China VS India, tire export comparison

June 18,2024

As the world's third largest automobile market after China and the United States, India's tire industry has developed rapidly in recent years. Leading companies have begun to aim to replace Chinese tires and intensify their competition with Chinese brands.

Especially in the export market, India has continuously strengthened its brand building and high-end transformation, and stepped up its promotion efforts in Western markets such as Europe and the United States. India's tire exports have almost doubled in the past four years from Rs 12,000 crore to Rs 23,000 crore. So, how big is the gap between China and India's tire export industry?

China's export volume is more than 7 times that of India

On June 12, according to data released by ATMA, the total exports of the Indian tire industry in fiscal 2024 were 230.73 billion rupees, which was the same as the figure in the previous fiscal year.

Arnab Banerjee, Chairman of ATMA said: "Tire exports faced major headwinds in the first half of the fiscal year due to weak demand in Western countries, geopolitical tensions and rising inflationary pressures in global markets. However, tire exports rebounded sharply in the second half of the year, increasing by 12% year-on-year, highlighting the resilience of India's tire manufacturing industry under challenging conditions."

He pointed out that the quality and value proposition of Indian tyres are the key drivers behind the strong overseas demand.

The Indian tyre industry has an annual turnover of about Rs 90,000 crore and exports of over Rs 23,000 crore, making it one of the industries with the highest export-to-turnover ratio (about 25.6%) among the country's manufacturing sectors.

At present, China's export strength is more than one level ahead of India. According to data released by the General Administration of Customs, China's cumulative exports of rubber tires in 2023 reached 8.86 million tons, a year-on-year increase of 16%; the export value was approximately 155.812 billion yuan, an increase of 18.7% year-on-year. It can be seen that in terms of tire export value, China is more than 7 times that of India.

Exporting countries: India 170+, China 200+

ATMA said Indian tyres are currently exported to more than 170 countries across the world, with major markets including some of the most discerning markets in Europe and North America. The United States is the largest market for Indian tires.

In addition, India's tire exports to European countries such as Germany, France, the Netherlands and Italy also rank among the top.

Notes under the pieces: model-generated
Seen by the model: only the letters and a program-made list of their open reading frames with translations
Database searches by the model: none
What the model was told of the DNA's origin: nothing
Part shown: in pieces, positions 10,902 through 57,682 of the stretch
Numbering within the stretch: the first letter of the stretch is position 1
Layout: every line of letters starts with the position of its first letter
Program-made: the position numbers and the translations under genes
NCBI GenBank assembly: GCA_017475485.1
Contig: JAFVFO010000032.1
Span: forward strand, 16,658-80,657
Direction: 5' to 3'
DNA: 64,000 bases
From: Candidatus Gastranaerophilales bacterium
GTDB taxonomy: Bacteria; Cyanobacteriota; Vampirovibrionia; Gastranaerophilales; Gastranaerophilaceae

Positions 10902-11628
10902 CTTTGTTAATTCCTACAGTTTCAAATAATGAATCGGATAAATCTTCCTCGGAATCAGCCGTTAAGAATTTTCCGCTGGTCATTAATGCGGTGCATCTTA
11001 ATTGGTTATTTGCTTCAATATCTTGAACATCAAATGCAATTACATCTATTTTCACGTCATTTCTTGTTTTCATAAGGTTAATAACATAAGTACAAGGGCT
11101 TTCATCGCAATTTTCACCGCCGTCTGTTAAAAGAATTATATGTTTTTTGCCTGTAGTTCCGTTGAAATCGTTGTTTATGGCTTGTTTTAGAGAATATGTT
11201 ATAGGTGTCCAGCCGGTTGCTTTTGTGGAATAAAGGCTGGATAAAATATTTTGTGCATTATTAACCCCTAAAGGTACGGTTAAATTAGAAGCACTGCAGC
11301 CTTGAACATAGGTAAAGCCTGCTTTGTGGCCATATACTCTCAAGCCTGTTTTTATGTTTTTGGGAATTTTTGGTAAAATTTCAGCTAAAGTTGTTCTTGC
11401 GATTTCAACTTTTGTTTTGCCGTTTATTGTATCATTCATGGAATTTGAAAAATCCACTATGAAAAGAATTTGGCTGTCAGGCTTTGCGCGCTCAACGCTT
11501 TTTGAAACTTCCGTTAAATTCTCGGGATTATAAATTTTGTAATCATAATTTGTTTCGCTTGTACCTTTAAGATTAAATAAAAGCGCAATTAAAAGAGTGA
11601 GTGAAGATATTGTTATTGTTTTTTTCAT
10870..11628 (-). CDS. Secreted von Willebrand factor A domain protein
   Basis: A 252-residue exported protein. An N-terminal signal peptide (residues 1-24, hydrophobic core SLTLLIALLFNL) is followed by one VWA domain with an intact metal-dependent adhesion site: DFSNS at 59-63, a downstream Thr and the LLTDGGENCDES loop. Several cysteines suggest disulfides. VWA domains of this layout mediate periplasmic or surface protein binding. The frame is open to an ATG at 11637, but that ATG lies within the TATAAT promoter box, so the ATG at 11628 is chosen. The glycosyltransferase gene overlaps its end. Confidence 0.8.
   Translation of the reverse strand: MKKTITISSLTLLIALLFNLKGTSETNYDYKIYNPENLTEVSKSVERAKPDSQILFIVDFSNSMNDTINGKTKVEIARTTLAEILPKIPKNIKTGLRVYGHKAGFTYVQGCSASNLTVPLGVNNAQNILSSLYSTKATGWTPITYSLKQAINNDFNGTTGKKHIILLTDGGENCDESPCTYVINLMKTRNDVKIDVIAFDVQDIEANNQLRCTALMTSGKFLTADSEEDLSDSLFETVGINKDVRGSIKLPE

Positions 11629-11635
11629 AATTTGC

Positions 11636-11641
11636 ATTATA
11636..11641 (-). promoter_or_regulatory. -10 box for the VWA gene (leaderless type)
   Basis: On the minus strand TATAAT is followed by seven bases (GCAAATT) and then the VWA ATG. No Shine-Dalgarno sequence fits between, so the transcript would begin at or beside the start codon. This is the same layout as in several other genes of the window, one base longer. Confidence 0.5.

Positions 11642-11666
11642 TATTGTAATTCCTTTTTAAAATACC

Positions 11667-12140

China's tire trading partners have reached more than 200. Judging from the distribution of tire exports in 2023, Brazil, the United Kingdom, and Russia account for a high proportion among semi-steel tire exporting countries (regions), while the United States, Mexico, and Saudi Arabia account for a high proportion among full-steel tire exporting countries (regions).

Statistics of China's semi-steel tire exports by country and region in 2023

Statistics of China's all-steel tire exports by country and region in 2023

In contrast, China's tire export regions are more evenly distributed and diversified, and have strong resilience against a reduction in imports from a single country.

Export challenges faced by both sides

As we all know, the biggest obstacle facing China's tire exports is the tariff issue; while the problem facing India is the shortage of natural rubber.

ATMA is calling for the removal of certain regulatory barriers surrounding natural rubber imports. Specifically, the association urged that the obligation period for natural rubber imports on tire exports be restored to 18 months from the current six months.

The association believes that the shorter time frame restricts operations and hinders the export competitiveness of tire manufacturers that are highly dependent on imported rubber.

At the same time, both sides face another challenge, which is their weak brand power. Chinese tire manufacturers have stepped up their investment in research and development and continuously introduced new products and technologies to shake off the "low-end" label; Indian tire manufacturers have achieved this goal mainly through acquisitions.

For example, Apollo Tyres, India's largest tire manufacturer, once wanted to go to the "high-end" through Dunlop, and then intended to acquire Cooper Tires of the United States and participate in the bidding for Kumho, but these ultimately failed. It eventually succeeded in purchasing the Dutch tire brand VREDESTEIN and operating it as a high-end brand.

Currently, ATMA has announced its 2030 plan, which is to promote India to become one of the world's top three tire centers by 2030.

Key to this plan is signing free trade agreements with major importing countries and working closely with automakers to increase exports of vehicles equipped with original Indian tires. While setting new benchmarks in manufacturing quality and driving innovation to meet the evolving demands of an ever-changing global market. The scheme targets tyre exports of over Rs 41,000 crore.

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